Saturday, August 30, 2003

Background Details
I figure I should probably give some explanation of what I'm doing, where I am, and why. It is not inconceivable that some people who read this are not fully aware of my life beyond Japan, Grinnell, or of my obsession all things linguistic.

About a month ago, I left Japan (clicky for the year that was). I truly enjoyed my year there, overall, and should you ever be in my physical vicinity in the future, I will be frighteningly happy to show you my pictures. If you followed the Japan saga, you will be happy to know that Danola now has a blog as well, so I shan't have to spend all my time updating people about the lives of people I left behind in Japan, since she can do it for me. I think I'll miss Japan sometimes, and I'll certainly miss my friends there, but thanks to technology, I can keep up with them as I move on to the things that I should be doing now, namely, grad school.

Before I got all the way back to the US, though, I took 10 days to finally, finally, finally go to Europe. I lived in Chile for 5 months, I've been to Argentina, Peru, Costa Rica, Taiwan, and Canada, but never anywhere in Europe, and I was getting tired of being asked whether I had been. Conveniently, I have/had friends living there. Jan, the ex-German assistant from Grinnell, lives in Berlin, and asked why I didn't come through there "on my way back" to the US. (Yes, it is the wrong way back around the globe, but let's ignore that.) It also turned out that my friend Heather's parents are now living in Lyon, France, and she was staying with them for the summer, sort of running a Grinnellian boarding house of visitors. I split my 10 days between the two of them, and despite the many misadventures on airplanes (a child throwing up behind me, being stuck in Frankfurt for 24 hours when the travel agency lost my ticket), I had perhaps the best vacation ever. Jan and I spent the whole time bonding over the ALT experience, since that's basically what he was in Grinnell for the German department, and while he was showing me all over Berlin and being a marvelous host, we talked a lot of linguistics and language acquisition theory. While I was in France, I reveled in the sun and warm weather as Heather toured me all over Lyon and we lived on bread and cheese and chocolate. (Oh, how I had missed real bread and cheese in Japan. For that alone, I would have fallen in love with Europe.) I have pictures of that, too, just to warn the actual humans out there.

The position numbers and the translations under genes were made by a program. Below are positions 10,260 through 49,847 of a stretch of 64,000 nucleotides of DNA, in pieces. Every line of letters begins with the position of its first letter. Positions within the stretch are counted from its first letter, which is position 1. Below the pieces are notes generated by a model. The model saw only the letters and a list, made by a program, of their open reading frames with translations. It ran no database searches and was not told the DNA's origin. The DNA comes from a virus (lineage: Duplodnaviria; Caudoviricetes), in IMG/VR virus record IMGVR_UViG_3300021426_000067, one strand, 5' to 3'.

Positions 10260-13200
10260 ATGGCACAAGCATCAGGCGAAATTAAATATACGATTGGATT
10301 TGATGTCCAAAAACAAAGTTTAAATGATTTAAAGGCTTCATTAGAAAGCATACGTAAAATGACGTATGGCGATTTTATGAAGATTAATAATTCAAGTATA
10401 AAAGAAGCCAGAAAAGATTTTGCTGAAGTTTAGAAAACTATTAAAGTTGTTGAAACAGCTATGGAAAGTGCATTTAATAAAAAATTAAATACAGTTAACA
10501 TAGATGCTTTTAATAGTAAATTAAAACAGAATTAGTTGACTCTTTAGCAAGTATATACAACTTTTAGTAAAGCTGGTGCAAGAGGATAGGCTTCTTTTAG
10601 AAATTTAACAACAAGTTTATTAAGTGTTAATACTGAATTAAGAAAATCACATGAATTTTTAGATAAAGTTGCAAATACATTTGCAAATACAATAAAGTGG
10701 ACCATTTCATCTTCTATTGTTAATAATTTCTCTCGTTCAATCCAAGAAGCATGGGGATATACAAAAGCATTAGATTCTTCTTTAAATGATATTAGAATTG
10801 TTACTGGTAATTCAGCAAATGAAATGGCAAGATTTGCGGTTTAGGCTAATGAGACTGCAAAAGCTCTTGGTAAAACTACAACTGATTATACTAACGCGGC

But the idyll had to end, and I eventually made it out of Frankfurt, and then out of Philadelphia, to home in NC, just in time to pack all my stuff and move to Michigan. Which is where the story really starts. I am in East Lansing, MI, to attend Michigan State University in the MA TESOL program. While I don't really want my specialty to be teaching English, this is the department where they stick all the Second Language Acquisition (SLA) classes, which is my true love. My current plan is to get dual MAs in both TESOL and Applied Linguistics. Prof. Polio, the woman who worked so hard to get me to come to MSU and be in the TESOL program, has all sorts of plans already to get me an assistantship with the Linguistics department two years hence. She is some sort of superhuman advisor, I am convinced.

For my current assistantship, which is paying for all of my grad school experience, tuition and all, I am teaching at MSU's English Language Center, henceforth known as the ELC. The ELC runs English programs for international students, in two flavors. The first is the Intensive English Program (IEP), in which the students take 20 hours of English classes a week and no other MSU classes. A lot of undergrad students from universities in Japan and Korea do this as their semester/year abroad. Other students do this because they didn't pass the TOEFL with a high enough score to meet MSU's English proficiency requirement, and need to do so before they can officially enroll in their program. The other program is the English for Academic Purposes program, which students can take after they complete the IEP classes, or I think in conjunction with actual MSU classes, to improve their note-taking, lecture-listening, and composition-writing skills, or something like that.